Shoulder disorders:

Physiotherapy can help

Shoulder disorders are commonly seen by physiotherapists.
The shoulder complex is a complicated area.

 It consists of the:

• glenohumeral joint
• acromio-clavicular joint
• sterno-clavicular joint
• scapulothoracic articulation.

What causes back pain?

Acute low back pain can be caused by many factors such as:
• trauma (fall, car accident, lifting)
• muscle imbalances (postural issues)
• existing medical conditions
• rheumatological conditions.

There is minimal bony support which enables a large range of movement to occur through the upper limb. This leads to problems as in essence, the shoulder complex is controlled by soft tissue.

The gleno-humeral joint has often been described as a watermelon on a saucer. This is not far from the truth. The rotator cuff muscles need to work in good synchronisation, with supportive ligaments for effective shoulder function.

At Innovative Physio full subjective and objective assessment of the shoulder and surrounding areas can be a lengthy process but is essential for good clinical outcomes.

There are three main subdivisions into which shoulder disorders nearly always fall:

1. impingement/rotator cuff injuries
2. instability
3. adhesive capsulitis/capsular restrictions.

It is also important to consider other factors when assessing a shoulder disorder. This includes:

• referred pain (from the cervical or thoracic spine)
• sporting technique including equipment changes/modifications, eg. tennis racquet change
• biomechanical and postural issues.

If these factors are not addressed they will affect the healing process and the patient’s outcome.
A thorough subjective and objective assessment is important. Experience in orthopaedic shoulder tests is vital. Shoulder range of movement, scapulathoracic rhythm, strength, impingement and stability tests are all an essential part of your assessment to assist diagnosis. If necessary, imaging will also assist diagnosis.

Research shows the majority of shoulder problems will settle with exercise, modified rest and re-education. Although osteoarthritis is uncommon in the gleno-humeral joint, subtle changes in the bone may be present that can predispose to specific conditions developing. Acromial spurs are an example of this. Early diagnosis and physiotherapy treatment will produce quicker improvements and better outcomes in the majority of clients. Diagnosis and treatment must be tailored to the individual client.

Physio In Practice

Medical management
• Non-steroidal anti-inflammatory drugs are often beneficial in the acute stage and short periods of rest can have some value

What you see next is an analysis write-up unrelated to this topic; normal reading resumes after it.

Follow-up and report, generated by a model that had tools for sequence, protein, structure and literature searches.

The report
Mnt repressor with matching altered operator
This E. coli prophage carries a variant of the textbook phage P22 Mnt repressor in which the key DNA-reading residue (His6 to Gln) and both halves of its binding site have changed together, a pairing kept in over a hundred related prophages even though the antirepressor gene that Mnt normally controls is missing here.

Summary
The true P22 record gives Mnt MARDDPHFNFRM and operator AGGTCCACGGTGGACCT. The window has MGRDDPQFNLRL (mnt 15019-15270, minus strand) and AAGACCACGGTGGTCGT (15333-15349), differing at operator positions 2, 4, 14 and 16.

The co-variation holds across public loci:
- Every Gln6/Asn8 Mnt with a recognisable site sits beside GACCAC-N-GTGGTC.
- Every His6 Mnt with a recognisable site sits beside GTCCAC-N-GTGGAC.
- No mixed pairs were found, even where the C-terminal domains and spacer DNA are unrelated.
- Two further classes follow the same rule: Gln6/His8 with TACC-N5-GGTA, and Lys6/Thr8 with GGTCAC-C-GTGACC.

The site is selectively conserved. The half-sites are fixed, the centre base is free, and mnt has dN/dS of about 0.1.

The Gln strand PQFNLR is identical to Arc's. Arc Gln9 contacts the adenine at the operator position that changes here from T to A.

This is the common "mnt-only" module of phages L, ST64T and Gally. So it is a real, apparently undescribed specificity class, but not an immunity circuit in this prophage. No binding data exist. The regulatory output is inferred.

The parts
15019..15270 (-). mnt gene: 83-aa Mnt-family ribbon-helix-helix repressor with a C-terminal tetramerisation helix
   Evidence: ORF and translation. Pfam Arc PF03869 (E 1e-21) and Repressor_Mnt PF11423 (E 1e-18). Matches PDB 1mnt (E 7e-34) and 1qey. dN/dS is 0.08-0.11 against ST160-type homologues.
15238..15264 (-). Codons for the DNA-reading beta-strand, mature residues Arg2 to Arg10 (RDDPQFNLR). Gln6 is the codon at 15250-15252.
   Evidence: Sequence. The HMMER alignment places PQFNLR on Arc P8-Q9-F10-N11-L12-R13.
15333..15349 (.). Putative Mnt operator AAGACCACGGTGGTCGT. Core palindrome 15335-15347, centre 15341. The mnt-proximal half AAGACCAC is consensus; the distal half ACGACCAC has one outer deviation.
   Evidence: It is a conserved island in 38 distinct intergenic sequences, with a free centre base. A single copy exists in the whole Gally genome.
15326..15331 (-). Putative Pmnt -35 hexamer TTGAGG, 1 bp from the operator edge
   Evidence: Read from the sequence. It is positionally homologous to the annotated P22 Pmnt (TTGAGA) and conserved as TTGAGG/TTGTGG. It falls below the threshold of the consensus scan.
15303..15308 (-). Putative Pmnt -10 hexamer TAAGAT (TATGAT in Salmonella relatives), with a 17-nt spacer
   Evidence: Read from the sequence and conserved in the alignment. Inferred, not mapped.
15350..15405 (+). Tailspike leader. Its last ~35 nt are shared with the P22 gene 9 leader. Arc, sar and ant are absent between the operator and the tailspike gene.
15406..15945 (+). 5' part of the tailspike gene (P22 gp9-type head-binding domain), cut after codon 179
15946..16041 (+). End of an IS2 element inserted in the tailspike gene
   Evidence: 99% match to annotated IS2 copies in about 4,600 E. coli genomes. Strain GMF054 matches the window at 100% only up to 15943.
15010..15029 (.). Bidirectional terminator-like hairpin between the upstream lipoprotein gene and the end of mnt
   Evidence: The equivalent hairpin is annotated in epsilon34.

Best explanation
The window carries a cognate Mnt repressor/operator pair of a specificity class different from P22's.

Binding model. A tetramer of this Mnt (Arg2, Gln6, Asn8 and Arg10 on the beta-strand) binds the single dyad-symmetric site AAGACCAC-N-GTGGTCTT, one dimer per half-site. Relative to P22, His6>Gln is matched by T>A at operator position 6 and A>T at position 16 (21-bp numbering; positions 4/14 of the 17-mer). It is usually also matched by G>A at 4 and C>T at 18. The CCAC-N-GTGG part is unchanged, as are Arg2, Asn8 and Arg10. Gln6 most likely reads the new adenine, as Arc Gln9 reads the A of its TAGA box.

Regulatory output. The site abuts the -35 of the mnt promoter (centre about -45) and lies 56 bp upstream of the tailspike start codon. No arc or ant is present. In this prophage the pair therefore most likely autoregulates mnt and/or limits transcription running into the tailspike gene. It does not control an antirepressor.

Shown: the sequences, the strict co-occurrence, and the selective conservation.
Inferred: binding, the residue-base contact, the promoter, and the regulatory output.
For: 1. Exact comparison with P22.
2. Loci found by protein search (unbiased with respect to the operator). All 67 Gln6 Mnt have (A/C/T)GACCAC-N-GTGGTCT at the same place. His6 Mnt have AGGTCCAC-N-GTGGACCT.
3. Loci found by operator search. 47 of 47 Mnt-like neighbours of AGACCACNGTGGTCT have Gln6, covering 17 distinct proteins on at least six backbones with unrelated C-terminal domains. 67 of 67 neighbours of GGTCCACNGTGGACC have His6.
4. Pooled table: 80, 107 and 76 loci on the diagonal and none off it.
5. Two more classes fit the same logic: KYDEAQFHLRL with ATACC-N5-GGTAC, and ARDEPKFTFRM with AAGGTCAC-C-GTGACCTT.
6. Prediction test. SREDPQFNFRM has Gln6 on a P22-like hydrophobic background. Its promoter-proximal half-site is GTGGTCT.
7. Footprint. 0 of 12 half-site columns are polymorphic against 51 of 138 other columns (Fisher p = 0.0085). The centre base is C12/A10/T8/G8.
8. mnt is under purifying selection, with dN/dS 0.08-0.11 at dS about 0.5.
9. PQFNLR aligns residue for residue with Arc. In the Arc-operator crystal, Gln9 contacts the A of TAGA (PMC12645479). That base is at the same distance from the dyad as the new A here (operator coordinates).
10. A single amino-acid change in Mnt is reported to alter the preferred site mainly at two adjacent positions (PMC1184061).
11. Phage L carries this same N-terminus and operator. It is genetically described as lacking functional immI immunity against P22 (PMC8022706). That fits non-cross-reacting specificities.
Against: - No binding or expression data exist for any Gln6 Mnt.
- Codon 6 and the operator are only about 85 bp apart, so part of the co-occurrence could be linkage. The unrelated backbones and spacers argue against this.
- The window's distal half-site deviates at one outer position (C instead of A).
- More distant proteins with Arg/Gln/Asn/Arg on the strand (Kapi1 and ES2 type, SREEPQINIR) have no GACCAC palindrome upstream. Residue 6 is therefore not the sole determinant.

• Cortico-steroid injections into the shoulder joint or surrounding areas can be very beneficial to reduce pain, inflammation and allow rehabilitation to progress
• Surgery may be indicated for full thickness rotator cuff tears, impingement due to bony spurs and labral repairs in instability problems.


Physiotherapy plays a large role in shoulder dysfunction. Delays in referral can mean further damage to the joints leading to increased risk of surgery and more invasive treatments. Accurate and thorough diagnosis along with good exercise prescription will settle the majority of these shoulder disorders, especially if seen early.

The rotator cuff is an important group of muscles for the stability of the shoulder complex. They act to stabilise the head of humerous in the glenoid fossa. For this reason they will often form part of the rehabilitation program.

We will also look closely at scapulohumeral control which is the quality of the scapula movement as the arm is moved. Specific exercises will be provided to optimise this control if necessary.
Maintaining good function of the surrounding joints of the shoulder will assist recovery. Mobilisation of the lower cervical and thoracic spine can in some cases, produce instant improvements in shoulder range and pain. This is because good function and posture changes in the spine will ‘de-load’ the shoulder joint and surrounding tissues.

Innovative Physio integrates clinical expertise with evidence-based research, in the assessment and management of shoulder movement disorders.


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